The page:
But this approach to forgiveness must not be corrupted into a “God will get you” mentality. Worship is not an effort to use God; it’s an act of humbling yourself before Him.
When forgiveness becomes worship, the offended person humbles herself before God honoring and confessing Him as judge and trusting Him to uphold His judgment as He chooses and in His time.
In this act of “letting go” or “releasing to God,” the one who forgives is also released and empowered to live out the radical prescription of Romans 12:20-21: “On the contrary: “If your enemy is hungry, feed him; if he is thirsty, give him something to drink. …. Do not be overcome by evil, but overcome evil with good.”
Punishment of wrongdoers
Please don’t leave this subject with the final words from Romans 12. The connection with Romans 13 is important in any discussion of forgiveness. According to Romans 13:1-4, sometimes God executes His wrath (compare 12:19) and punishment of wrongdoers through the agency of human government (see esp. Romans 13:4). This strengthens the point that forgiveness is not a matter of moral neutrality.
When the one who wrongs you receives punishment from a God-ordained authority, it’s right to support and honor the role of government in punishing wrongdoers (see: I Peter 2:13). We honor this role of authority for the glory of God and the good of society. Yet endorsement of just-punishment must never be sought as a means for vindictive and vengeful intention. If tempted toward this response, turn to God is worship based on Romans 12:18-21.
When we’ve been wronged and the punishment of the wrong-doer becomes a matter for human government, we cannot sincerely support such punishment with the right spirit until we prayerfully apply the teaching of Romans 12:18-21.
This is an invitation for those who bear grudges to worship God as the only rightful judge of evil. Turn your grudge over to the Judge! Recite His deep moral opposition to the evil committed against you and surrender every desire for revenge to His prerogative in punishing evil (Romans 12:19).
If God chooses to (or involves you in) mediating His judgment through ordained human authority, honor and support those authorities for fulfilling their divine role (see: Romans 13:1-4), but check your heart against seeking false and destructive satisfaction through personal revenge.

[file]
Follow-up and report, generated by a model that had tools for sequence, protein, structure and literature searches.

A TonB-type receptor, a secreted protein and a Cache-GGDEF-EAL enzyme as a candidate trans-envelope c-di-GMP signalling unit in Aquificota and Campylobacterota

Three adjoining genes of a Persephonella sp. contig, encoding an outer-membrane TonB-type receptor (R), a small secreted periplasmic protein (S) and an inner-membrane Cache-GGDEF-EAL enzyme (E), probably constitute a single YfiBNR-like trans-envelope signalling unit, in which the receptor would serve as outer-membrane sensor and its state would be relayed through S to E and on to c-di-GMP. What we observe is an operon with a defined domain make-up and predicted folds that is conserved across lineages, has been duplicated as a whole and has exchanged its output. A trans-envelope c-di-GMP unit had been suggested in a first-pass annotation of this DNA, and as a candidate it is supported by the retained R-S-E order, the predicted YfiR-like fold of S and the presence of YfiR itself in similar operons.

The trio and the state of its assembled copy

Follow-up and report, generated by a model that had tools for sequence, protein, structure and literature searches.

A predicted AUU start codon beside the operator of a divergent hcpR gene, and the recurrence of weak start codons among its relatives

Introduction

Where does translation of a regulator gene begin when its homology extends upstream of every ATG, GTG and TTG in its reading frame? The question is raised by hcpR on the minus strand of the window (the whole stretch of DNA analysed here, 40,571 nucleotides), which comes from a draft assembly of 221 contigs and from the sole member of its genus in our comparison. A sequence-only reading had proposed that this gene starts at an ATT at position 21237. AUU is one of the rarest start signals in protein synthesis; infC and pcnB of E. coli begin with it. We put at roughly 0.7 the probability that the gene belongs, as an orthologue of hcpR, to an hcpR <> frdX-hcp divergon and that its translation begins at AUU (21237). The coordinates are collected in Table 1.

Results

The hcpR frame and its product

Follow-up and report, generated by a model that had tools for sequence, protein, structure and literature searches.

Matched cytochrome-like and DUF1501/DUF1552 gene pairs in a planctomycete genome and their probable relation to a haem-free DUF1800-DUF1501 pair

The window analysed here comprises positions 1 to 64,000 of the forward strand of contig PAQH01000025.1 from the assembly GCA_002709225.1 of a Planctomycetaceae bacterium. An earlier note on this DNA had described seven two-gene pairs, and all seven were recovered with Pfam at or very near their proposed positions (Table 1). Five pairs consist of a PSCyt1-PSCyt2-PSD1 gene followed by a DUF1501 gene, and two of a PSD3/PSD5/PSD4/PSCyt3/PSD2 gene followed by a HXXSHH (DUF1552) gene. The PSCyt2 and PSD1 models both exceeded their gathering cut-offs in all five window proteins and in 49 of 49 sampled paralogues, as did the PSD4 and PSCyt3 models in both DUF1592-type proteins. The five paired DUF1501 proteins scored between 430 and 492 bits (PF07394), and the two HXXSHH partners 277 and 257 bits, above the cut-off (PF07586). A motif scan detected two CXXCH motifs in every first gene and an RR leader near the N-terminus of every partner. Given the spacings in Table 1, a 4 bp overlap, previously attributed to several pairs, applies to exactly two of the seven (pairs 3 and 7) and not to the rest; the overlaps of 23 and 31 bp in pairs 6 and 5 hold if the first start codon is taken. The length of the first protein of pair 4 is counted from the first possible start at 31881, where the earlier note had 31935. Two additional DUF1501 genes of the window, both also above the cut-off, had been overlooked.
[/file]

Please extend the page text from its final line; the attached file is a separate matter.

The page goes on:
The connection between Romans 12 and 13 offers the important reminder that forgiveness does not require a surrender of our sense of right and wrong.
We need the grace of God to apply these truths with sincerity and humility.
“God, please help me to worship you when I’ve been hurt by others. You have forgiven my sins and each day I remind myself that you have not dealt with me as my sins deserve. I release my grudge to the Judge and trust you with the outcome.
Mature perspective on conflict
The key to unity in a marriage, family or Church is not the removal of all conflict (that happens in heaven).
So instead of being unrealistically alarmed by differences and disagreements or dancing around them, we should view them as opportunities to mature in deeper and stronger love for one another (I Peter 4:8). When we avoid conflict or just enable others, we often postpone trouble for the future. God provides many opportunities (through conflicts) for us to practice the kind of love He demonstrated to us (Romans 5:6-8).
Make every effort….. (memorize these verses)
- “Let us therefore make every effort to do what leads to peace” (Romans 14:19).
- “Make every effort to keep the unity of the spirit through the bond of peace” (Ephesians 4:3).
- “Make every effort to live in peace with all men and to be holy” (Hebrews 12:14).
- “Do everything without complaining or arguing” (Philippians 2:14).
- “Above all, keep fervent in your love for one another, because love covers a multitude of sins” (offenses)” (I Peter 4:8).
- “It is to a man’s honor to avoid strife, but every fool is quick to quarrel” (Proverbs 20:3).
Love is anti-rivalry and peace-building
- “Love is patient, love is kind. It does not envy, it does not boast, it is not proud. It is not rude, it is not self-seeking, it is not easily angered, it keeps no record of wrongs. Love does not delight in evil but rejoices with the truth. It always protects, always trusts, always hopes, always perseveres” (I Corinthians 13:4-7).
- According to Scripture, conflicts must be resolved based on two principles (see - Two principles for resolving conflict).
- It’s not always what you say but how you say it (see – Watch Your Tone)
- How do you move toward reconciliation when you’ve been deeply or repeatedly hurt? (see - 7 signs of true repentance)
- Confronting those we love (see – Instruments of godly sorrow).
- Forgiveness and reconciliation are not the same (see – Forgiveness & Reconciliation).
Short audio clips
I am convinced that most personal and relational problems have strong connections with what I call the eighteen-year factor. This refers to the time lived in your family of origin. These years have defining influence as in them we learn and experience many things that we carry with us for life.
You had an increasingly rare experience if you grew up in a functionally healthy home.